EDINBURGH – No sooner had Gregor Townsend seen Scotland end one unwanted record by beating England for the first time in a decade, he was turning his attention to ending their woeful away record in the Six Nations.
Townsend's first Calcutta Cup match as Scotland coach yielded a thrilling 25-13 win over arch-rivals England at Murrayfield on Saturday.
An eighth victory in nine Tests at Murrayfield saw Scotland run in three tries during a memorable first half, including two from Huw Jones.
But with a trip to leaders Ireland -- the only side who can complete a Grand Slam this season after a 37-27 win over Wales -- on the horizon, Townsend knows Scotland must improve away from Edinburgh if they want to be regarded as serious contenders for the Six Nations title.
It is eight years since Scotland last beat Ireland in Dublin and since the Six Nations era started in 2000 the Scots have won just six matches away from home -- and four of those were against perennial strugglers Italy.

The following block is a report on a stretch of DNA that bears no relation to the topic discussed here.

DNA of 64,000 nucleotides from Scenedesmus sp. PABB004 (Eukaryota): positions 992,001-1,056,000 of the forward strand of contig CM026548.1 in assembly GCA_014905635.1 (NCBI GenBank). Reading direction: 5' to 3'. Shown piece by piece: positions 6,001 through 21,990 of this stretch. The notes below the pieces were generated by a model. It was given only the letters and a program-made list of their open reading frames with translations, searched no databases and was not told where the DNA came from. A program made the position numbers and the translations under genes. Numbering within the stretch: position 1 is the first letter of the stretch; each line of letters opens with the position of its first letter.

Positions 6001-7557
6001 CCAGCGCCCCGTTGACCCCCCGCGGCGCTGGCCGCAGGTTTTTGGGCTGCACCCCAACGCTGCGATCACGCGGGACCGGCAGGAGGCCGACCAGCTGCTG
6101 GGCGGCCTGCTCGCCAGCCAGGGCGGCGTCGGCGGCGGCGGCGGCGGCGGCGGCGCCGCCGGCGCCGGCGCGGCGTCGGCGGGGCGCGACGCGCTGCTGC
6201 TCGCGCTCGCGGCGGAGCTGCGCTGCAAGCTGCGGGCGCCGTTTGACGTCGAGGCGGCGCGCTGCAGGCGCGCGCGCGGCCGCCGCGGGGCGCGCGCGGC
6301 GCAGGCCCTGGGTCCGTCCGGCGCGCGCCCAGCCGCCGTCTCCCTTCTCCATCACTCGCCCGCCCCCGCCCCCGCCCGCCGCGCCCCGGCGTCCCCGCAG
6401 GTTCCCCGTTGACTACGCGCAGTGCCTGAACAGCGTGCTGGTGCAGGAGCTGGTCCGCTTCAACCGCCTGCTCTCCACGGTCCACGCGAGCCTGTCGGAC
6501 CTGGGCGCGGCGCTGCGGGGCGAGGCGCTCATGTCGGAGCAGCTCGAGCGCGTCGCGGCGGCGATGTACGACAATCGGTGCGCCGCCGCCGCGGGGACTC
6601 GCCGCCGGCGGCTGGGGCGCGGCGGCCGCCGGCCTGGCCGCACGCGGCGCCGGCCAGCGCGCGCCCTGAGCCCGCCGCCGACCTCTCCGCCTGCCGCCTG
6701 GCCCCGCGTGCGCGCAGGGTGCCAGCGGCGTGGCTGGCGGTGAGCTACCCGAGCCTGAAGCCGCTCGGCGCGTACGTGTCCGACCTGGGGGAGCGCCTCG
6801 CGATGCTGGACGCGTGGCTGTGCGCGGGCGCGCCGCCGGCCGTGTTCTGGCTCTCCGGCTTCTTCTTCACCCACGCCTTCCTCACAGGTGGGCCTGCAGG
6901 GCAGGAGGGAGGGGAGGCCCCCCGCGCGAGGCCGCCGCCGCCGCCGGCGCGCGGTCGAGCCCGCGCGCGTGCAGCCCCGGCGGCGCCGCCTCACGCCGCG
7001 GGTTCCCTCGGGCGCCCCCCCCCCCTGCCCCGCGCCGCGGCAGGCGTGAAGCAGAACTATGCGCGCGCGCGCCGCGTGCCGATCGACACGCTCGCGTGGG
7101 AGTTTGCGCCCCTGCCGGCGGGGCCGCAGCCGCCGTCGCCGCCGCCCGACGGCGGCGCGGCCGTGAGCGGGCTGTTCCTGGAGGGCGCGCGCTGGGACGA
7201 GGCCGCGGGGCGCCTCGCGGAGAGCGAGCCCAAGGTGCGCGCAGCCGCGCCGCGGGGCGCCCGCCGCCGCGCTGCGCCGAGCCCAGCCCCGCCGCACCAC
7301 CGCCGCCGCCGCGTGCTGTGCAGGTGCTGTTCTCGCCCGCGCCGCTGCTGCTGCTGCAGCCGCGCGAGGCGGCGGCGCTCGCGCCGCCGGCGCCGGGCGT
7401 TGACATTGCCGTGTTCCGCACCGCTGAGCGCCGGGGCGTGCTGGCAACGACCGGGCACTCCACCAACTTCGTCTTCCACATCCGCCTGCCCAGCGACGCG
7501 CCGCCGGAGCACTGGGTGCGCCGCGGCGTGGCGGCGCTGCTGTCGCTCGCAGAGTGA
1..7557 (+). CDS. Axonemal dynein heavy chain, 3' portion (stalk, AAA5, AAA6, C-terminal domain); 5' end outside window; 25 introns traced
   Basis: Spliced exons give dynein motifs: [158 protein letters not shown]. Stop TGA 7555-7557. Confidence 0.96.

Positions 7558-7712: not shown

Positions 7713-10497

Poor form on the road was an issue when Townsend himself was a Scotland international and the problem was all too evident again when Scotland's Six Nations campaign this season started with an emphatic 34-7 loss away to Wales.
“There is a twin challenge – we have to look at Ireland and what we need to do to beat them, and get our game in place but also do much better away from home,” Townsend said.
“It has been an issue for Scotland since the Six Nations began and we've got to make sure that we play close to our potential.”
He added: “If that means we win the game then brilliant but if it means we just put in a very improved performance from the likes of Cardiff and Twickenham (where Scotland were hammered 61-21 by England last season) then that's a big step forward. For the development of where we are now, both on the mental side and the belief it creates, (this win is) really important.”
Away victories are a precious commodity for all Six Nations teams, with Ireland's last-ditch win in France, courtesy of a Jonathan Sexton drop-goal, the only success for a visiting side this season excluding matches in Rome.
“You guys (the media) know our record in the Six Nations, it is tough to play away from home,” said Townsend.
“England obviously found that out here (Murrayfield). But we have to make sure that we’ve got our focus right and we're ready for what we're facing in Dublin, and we're able to play accurate rugby.
“We didn't do that two or three weeks ago in Cardiff.”